We combined two armatures in a linear motor that generated thrust in one direction; this combination was made possible by the use of a right angle. Since the motor was designed as an X-Y linear motor, we used a permanent magnet in the mover in order to obtain a comparatively high thrust, and carried out research with the aim of realizing an X-Y linear synchronous motor (X-Y LSM). The most suitable conditions for obtaining the maximum possible static thrust were found by measurement and analysis, and the following items are examined in relation to the static thrust: (1) displacement and its relation to the static thrust, (2) back iron thickness and its relation to the static thrust, (3) magnetic gap and its relation to the static thrust, (4) excitation current and its relation to the static thrust. Static analysis by the three-dimensional finite element method was applied to the analytic technique.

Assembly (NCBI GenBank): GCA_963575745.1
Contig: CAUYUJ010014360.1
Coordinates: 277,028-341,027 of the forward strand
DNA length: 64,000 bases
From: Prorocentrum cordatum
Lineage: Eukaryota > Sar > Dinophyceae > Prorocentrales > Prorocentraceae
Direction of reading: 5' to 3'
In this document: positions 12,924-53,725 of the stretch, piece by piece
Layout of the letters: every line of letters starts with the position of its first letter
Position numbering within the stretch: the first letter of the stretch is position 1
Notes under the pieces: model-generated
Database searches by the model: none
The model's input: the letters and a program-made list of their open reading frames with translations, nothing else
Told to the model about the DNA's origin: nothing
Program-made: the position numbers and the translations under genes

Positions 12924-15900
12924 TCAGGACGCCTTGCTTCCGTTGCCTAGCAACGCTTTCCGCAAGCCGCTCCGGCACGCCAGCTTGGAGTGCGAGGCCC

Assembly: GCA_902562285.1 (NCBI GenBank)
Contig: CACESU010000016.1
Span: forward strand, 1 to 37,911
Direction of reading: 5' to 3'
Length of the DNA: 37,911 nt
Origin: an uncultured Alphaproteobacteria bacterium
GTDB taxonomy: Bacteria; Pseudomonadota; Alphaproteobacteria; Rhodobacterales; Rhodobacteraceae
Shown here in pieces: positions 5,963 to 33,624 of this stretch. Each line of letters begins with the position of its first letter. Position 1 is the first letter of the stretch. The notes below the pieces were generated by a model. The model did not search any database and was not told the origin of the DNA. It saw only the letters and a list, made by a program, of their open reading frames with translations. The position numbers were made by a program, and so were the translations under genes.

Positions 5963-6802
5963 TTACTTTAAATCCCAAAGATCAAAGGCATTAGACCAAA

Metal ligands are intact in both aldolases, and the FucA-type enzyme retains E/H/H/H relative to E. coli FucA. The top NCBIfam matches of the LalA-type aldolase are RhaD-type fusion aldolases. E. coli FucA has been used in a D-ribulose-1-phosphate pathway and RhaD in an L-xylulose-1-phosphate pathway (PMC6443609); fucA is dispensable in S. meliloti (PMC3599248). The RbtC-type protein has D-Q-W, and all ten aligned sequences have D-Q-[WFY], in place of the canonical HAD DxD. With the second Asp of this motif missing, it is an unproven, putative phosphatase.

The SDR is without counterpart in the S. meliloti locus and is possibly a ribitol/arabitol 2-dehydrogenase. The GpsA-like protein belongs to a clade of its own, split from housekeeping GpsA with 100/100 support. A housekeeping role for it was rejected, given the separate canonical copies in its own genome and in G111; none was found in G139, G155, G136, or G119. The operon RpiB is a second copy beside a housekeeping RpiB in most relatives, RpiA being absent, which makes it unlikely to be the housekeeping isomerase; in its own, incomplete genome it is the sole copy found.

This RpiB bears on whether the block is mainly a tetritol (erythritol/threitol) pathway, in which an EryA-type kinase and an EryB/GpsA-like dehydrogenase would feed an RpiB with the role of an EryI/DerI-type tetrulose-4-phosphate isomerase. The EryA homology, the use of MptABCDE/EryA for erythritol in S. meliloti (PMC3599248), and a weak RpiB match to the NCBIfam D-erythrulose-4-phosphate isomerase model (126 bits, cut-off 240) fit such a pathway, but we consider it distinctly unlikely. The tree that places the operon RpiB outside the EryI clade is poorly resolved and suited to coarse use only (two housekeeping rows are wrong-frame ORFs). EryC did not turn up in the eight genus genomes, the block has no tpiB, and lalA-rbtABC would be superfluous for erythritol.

A narrow-gap read head with a high-resistance magnetic film was investigated. The film has a resistance of more than 10 m Ω cm and good soft magnetic properties. The high-resistance shield head comprises a GMR film, insulator films for the read-gap, high-resistance magnetic films, insulator films to prevent breakdown of the head, and magnetic shield films. The fabricated high-resistance shield head shows a good output waveform. However, it has a slightly larger half-amplitude pulse width (PW50) value than a conventional shield head, because the permeability of the high-resistance magnetic film is insufficiently high. We concluded that a read head using a high-resistance shield with high permeability would be a suitable candidate for a narrow-gap read head.
We developed a new system to capture jaw movement. It consists of two magnets and biaxial fluxgate sensors. A magnet is fixed to a tooth in the bottom jaw of the subject and another is fixed to the subject's forehead. The system can naturally detect movement of the jaw as a rigid body, because it does not require such attachments as a clutch inside the mouth or a magnetic field sensor array in contact with the head. In this paper, we investigate five error sources of the jaw-tracking system, using a jaw model, and report the achievement of a positional accuracy of 1.5 mm and an axial accuracy of 2 degrees. Positional accuracy within 2 mm is achieved as a rigid body.